During the Second World War, a number of London colleges, including Bedford and L.S.E., were evacuated to Cambridge, and Lady Margaret House helped to provide accommodation for them.

On 1949 July 8, the community of sisters purchased the residue of the lease for the adjacent house, 10 Grange Road, which, like number 12, had originally been part of the glebe lands of St Sepulchre.

On 1952 November 19, the community of sisters purchased the freeholds of both 10 and 12 Grange Road from the Vicarage of the parish of St Sepulchre.

Photo of house with chapel and accommodation extensionIn 1954/55, a chapel was erected to the south of the house. The architect was John-Baptiste Sebastian Comper (1891–​1979), F.R.I.B.A, of 12 Douglas House, 6 Maida Avenue, London W2. The contractor was William Sindall, of Cambridge.

In 1960/61, a 2-storey extension was erected to the north-east of the house. This comprised offices and common rooms on the ground floor, and bedroom “cells” for the sisters on the first floor. This extension was given the address 14 Grange Road. The architects were Walters & Kerr Bate of 14 Gray’s Inn Square, London, WC1. In 1965/66, the same architects added a third storey, creating a Library.

In 1965, the previously male-only Catholic Chaplaincy at Fisher House became mixed-sex. The “Margaret Beaufort Society” for Catholic women ceased to exist.

Photo of accommodation blocksOn 1984 December 7, the Sisters of the Congregation of Our Lady sold the 10 Grange Road site and house. However, what had been the far end of the garden of 10 Grange Road was retained, and is now an orchard attached to the garden of 12 Grange Road.

In 1986/87, a second accommodation extension was added to the east of the earlier one. The architect was Francis Hookham (1931–​2020), of 1 Northampton Street, Cambridge.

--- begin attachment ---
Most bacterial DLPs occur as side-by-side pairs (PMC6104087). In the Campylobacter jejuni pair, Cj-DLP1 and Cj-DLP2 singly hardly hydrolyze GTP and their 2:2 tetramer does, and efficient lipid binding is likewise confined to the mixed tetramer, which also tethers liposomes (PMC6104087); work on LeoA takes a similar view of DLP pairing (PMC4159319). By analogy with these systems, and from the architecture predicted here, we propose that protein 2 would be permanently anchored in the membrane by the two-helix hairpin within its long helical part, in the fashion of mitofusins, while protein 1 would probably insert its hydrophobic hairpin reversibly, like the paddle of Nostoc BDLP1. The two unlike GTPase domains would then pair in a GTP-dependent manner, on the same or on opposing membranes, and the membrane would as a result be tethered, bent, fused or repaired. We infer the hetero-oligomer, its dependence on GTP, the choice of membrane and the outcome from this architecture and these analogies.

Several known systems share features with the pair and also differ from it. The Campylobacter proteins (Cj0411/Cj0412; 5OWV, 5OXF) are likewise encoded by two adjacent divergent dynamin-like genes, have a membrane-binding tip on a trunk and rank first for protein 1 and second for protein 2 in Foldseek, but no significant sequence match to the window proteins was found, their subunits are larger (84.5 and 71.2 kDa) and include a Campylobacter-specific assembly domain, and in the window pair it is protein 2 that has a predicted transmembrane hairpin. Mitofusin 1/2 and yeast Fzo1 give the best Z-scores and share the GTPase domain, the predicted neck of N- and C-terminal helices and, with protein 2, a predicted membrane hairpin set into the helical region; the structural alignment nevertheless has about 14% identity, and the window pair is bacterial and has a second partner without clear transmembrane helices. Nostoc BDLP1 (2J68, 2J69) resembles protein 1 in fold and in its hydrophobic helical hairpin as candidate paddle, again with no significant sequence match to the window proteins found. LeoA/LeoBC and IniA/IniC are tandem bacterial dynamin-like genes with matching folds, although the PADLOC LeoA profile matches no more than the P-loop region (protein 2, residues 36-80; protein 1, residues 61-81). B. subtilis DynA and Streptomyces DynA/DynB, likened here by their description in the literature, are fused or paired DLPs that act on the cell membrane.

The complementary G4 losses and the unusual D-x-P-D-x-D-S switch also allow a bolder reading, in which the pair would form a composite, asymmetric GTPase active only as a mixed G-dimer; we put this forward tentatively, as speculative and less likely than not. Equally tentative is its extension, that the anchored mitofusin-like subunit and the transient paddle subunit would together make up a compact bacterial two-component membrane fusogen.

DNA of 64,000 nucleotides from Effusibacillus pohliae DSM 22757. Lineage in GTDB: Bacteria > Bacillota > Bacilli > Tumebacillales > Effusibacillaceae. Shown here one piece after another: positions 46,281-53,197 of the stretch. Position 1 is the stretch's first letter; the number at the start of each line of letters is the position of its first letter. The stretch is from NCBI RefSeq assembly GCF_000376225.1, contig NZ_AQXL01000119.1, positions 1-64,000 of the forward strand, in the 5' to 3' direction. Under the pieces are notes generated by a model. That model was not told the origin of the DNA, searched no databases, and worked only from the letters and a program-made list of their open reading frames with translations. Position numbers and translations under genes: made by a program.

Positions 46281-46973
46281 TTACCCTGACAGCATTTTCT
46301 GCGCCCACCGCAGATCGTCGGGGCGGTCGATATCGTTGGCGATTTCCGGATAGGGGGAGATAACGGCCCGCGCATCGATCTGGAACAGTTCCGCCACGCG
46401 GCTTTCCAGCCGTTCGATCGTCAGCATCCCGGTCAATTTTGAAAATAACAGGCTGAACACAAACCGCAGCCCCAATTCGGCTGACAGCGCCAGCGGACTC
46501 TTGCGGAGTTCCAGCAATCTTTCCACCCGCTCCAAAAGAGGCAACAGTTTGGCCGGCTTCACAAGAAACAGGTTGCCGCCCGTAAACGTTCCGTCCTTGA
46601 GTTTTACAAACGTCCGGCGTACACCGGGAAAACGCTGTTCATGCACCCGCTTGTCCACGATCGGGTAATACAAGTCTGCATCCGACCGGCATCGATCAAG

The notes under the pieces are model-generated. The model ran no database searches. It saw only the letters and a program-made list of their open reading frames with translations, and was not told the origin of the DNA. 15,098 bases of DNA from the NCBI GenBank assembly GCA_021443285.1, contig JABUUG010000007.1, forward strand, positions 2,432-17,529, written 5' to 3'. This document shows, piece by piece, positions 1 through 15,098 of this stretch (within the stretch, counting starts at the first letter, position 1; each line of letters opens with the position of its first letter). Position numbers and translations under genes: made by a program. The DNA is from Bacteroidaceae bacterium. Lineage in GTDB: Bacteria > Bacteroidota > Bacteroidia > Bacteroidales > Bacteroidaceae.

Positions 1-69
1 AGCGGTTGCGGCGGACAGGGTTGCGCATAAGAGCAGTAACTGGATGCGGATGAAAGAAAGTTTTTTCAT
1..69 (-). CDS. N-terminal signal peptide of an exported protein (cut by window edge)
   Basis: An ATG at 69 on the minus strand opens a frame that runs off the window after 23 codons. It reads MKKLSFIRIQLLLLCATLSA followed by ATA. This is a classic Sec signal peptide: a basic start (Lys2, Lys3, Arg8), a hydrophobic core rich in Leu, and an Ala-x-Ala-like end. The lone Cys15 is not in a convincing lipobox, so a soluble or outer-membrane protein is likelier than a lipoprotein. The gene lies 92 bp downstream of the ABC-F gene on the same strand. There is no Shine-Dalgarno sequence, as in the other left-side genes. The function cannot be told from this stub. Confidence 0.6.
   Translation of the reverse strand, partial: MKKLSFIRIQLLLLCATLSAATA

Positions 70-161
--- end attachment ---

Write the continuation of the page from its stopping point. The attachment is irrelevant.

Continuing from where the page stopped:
During the 1990s, spare accommodation bedrooms began to be let to general university students, particularly post-graduates.

In 2001, an external escape staircase was added to the east end of the 2nd-floor Library.

Photo of plaque in Lady Margaret HouseIn 2003, the site was purchased by the Margaret Beaufort Institute of Theology, a lay Catholic institute, whose earlier history is recounted here.

The Institute took over the main house, while the Sisters of the Congregation of Our Lady occupied rooms in the accommodation extensions.

In 2019, a refurbishment project included the conversion of the 2nd-floor Library to units of en-suite bedrooms.

In 2023, the site was purchased by Queens’ College, to be used as student accommodation, in the main house and the two extensions. The former chapel (now de-consecrated) might be evaluated as a possible archive centre.

The Margaret Beaufort Institute of Theology relocated to Wesley House in Jesus Lane.

The house at 12 Grange Road is designated by the local planning authority as a “Building of Local Interest”.

Links to related pages

Sources, References, and Further Reading

1931: Alderman Few : Long service for Cambridgeshire, in The Times, No. 45793, 1931 April 10, p. 14. [Obituary] 

1990: Berrycroft Memories, ed. Maurice E. Few, Janet R. Glover, et al. [Printed copy at Museum of Cambridge] 

199x: Historical Outline [of Lady Margaret House], anonymous, undated, typescript.